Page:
It could be because we don't like our neighbors? Question mark? Nah, that can't be it. We don't stay anywhere long enough to actually get to know our neighbors. (True story.)

We're not in the military and we've only lived in 2 cities (so far). 

So why the heck do we move so much?!?

We're literally one day away from taking a moving truck from Colorado Springs to Portland, OR. It's beautiful out there and my wife's family is all out there. We've got a two-year-old and a bun in the oven, so being closer to family would be nice for the next few years. 

There are other reasons we're moving to Portland, but today I want to share with you what I've learned while moving a gazillion times. 

1. We have too much stuff.

Seriously?!? I don't get it. Even after moving 8 times in under a decade, we still accumulate stuff like it's going out of style...and it's definitely going out of style. Can you imagine if we had stayed in one place all those years? Actually, you probably can because that's probably you.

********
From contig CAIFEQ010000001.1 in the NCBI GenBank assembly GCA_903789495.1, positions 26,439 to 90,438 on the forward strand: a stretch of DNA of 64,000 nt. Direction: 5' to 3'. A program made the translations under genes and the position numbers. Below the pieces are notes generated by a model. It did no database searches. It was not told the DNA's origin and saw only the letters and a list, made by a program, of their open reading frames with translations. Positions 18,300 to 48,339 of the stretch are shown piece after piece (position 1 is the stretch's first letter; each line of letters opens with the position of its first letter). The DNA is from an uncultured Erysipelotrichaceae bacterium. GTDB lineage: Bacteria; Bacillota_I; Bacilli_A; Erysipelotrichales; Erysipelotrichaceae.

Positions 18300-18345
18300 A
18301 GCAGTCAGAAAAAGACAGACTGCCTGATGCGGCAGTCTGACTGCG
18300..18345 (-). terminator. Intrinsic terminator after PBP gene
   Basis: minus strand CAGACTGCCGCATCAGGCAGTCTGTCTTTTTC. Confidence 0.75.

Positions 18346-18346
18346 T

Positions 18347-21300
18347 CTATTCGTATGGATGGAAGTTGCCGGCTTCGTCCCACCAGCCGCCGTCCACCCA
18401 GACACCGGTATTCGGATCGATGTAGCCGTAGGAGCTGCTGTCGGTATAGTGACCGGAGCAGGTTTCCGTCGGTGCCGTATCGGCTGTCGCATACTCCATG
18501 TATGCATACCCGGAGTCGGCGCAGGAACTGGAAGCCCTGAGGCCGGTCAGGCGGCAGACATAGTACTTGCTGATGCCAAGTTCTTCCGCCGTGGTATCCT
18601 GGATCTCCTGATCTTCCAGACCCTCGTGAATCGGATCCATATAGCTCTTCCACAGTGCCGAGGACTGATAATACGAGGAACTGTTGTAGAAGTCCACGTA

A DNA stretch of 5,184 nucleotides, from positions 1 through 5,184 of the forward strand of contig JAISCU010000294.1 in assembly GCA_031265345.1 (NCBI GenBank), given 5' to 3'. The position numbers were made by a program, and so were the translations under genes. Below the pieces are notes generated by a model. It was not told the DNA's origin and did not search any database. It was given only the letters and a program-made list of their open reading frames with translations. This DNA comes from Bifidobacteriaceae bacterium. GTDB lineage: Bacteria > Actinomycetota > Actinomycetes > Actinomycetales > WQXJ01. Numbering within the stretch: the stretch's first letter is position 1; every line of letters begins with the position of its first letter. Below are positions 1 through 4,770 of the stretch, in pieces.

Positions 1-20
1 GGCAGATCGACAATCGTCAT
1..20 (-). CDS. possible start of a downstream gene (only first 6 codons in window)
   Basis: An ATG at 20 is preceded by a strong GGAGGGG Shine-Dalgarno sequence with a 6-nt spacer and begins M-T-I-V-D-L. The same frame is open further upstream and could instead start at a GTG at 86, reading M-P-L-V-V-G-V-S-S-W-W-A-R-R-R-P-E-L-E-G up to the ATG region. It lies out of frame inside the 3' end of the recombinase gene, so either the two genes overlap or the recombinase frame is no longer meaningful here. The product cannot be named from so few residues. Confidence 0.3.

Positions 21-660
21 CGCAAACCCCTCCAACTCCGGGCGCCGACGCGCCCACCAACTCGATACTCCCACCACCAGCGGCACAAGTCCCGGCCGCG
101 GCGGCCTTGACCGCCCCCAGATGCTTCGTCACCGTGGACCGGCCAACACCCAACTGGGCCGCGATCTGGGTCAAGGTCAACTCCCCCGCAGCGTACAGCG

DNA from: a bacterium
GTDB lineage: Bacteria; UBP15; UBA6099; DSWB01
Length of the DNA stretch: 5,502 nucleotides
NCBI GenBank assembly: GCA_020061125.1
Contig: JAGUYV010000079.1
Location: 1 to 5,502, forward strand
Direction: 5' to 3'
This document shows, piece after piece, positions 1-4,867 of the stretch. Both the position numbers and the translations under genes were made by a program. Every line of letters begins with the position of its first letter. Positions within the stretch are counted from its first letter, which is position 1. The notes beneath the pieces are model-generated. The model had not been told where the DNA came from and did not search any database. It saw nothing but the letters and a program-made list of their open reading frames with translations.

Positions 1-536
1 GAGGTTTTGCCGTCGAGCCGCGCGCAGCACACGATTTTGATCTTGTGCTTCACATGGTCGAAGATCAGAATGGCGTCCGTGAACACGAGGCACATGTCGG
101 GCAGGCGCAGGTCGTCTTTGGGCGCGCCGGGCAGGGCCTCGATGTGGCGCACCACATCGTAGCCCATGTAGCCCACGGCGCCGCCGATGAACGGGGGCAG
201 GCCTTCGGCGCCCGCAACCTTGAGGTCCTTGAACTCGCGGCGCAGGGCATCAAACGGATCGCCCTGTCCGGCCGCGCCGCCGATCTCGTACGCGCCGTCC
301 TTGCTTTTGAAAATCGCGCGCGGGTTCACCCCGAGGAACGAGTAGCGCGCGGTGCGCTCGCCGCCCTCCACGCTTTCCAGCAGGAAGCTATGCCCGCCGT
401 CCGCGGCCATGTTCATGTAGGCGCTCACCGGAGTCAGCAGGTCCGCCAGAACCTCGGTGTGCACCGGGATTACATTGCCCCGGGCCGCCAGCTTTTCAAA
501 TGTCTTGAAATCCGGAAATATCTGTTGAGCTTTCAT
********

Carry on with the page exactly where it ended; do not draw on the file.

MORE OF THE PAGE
What is it about buying stuff that's so addictive? It's like a false high that lasts for maybe a week, then we want something new again. It's a sickness really. And I hate it. 

2. We don't have enough stuff.

And yet, in the midst of thinking we have too much stuff, we find a way to see all the stuff we don't have. You know, those boots, those chairs, that appliance, those clothes, that rug, that toy...and on and on it goes. 

Which leads me to the crazy realization that...

3. We still want more stuff!

Even after all the moving and all the dumping and all the trashing and all the donating over the last 7 years, we still say, "Ya, but I really want that new kettle..." (It's true...there's this sweet kettle I'd like to buy...)

It's madness! What amount of stuff is satisfying? Is there a secret formula? How does one find the sweet spot between having way too much and way too little? When do we have enough?